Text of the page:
Back in the early spring, an unusual bout of muddle-headedness afflicted my usually clear-headed daughter Kayla. She was choosing the classes she will take in her first year of high school, and she couldn’t decide which language to choose. So far, she has had a couple of years of French study, and an exposure to Italian. Her first plan was to switch to Spanish. (“Sounds good,” said her mother. “Spanish is so useful for Americans, and you’ll easily pick it up because of your knowledge of French and Italian.”) A few days later, she wavered. Maybe she would stick with French. (“Also a good choice. French is spoken in so many different countries, including Canada,” said her mother.) Days pass. More wavering.
This went on for about two weeks until the day she came home with her head completely cleared. “I figured out which language to study.” “Which one — French or Spanish?” asked her unsuspecting mother. “Neither. I’m going to take Chinese.”
Huh? Where did that come from? Kayla patiently explained that nearly two billion people speak Chinese, and more Americans should learn it. And, in fact, she was preaching to the choir. I studied Mandarin in college, and lived in Beijing for two years, though I also studied Spanish (in high school) and French (high school and a semester in college). My husband and I took Kayla and her brother to China three years ago, and both of them picked up a few phrases. So, Chinese it is. I’m really excited about her choice, and I’m looking forward to dusting off some of my skills.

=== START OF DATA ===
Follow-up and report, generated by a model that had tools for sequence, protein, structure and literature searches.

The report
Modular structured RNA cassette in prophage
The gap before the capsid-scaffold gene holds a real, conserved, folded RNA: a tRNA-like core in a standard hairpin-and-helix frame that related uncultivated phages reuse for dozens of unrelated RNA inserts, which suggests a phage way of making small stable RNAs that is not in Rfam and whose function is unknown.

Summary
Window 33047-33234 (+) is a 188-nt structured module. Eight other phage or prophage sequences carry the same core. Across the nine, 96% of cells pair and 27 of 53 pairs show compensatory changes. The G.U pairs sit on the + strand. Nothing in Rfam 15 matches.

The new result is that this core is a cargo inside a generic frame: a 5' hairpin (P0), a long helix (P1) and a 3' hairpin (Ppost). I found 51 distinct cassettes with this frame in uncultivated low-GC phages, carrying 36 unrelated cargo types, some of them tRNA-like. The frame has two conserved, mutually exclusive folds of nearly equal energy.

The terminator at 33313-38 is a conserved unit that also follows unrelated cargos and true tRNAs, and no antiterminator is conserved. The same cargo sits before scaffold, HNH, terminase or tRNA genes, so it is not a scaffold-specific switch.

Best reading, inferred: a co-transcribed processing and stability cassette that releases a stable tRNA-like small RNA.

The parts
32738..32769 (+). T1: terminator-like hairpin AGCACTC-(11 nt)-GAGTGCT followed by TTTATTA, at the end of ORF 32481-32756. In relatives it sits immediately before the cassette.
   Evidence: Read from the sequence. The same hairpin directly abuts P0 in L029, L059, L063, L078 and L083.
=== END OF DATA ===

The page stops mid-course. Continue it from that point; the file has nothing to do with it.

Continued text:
Just as our town’s high school has added languages that go beyond the traditional Eurocentric offerings, more and more Fletcher students have decided to study languages that were rarely pursued by applicants when I first started to work in Admissions. In recent years, for example, the number of applicants who list Arabic as their second language has grown enormously. And we see a great number of Mandarin speakers, as well as students who have been drawn toward in-the-news regional languages, such as Pashto. It hasn’t been a gradual change, either. More of a seismic shift. No longer is there only one non-native speaker of Arabic or Mandarin — instead, we will have business-related classes offered in those languages to native and non-native speakers alike. Quite a change from the days when language study in the U.S. was largely limited to French, Spanish, and maybe one other option!
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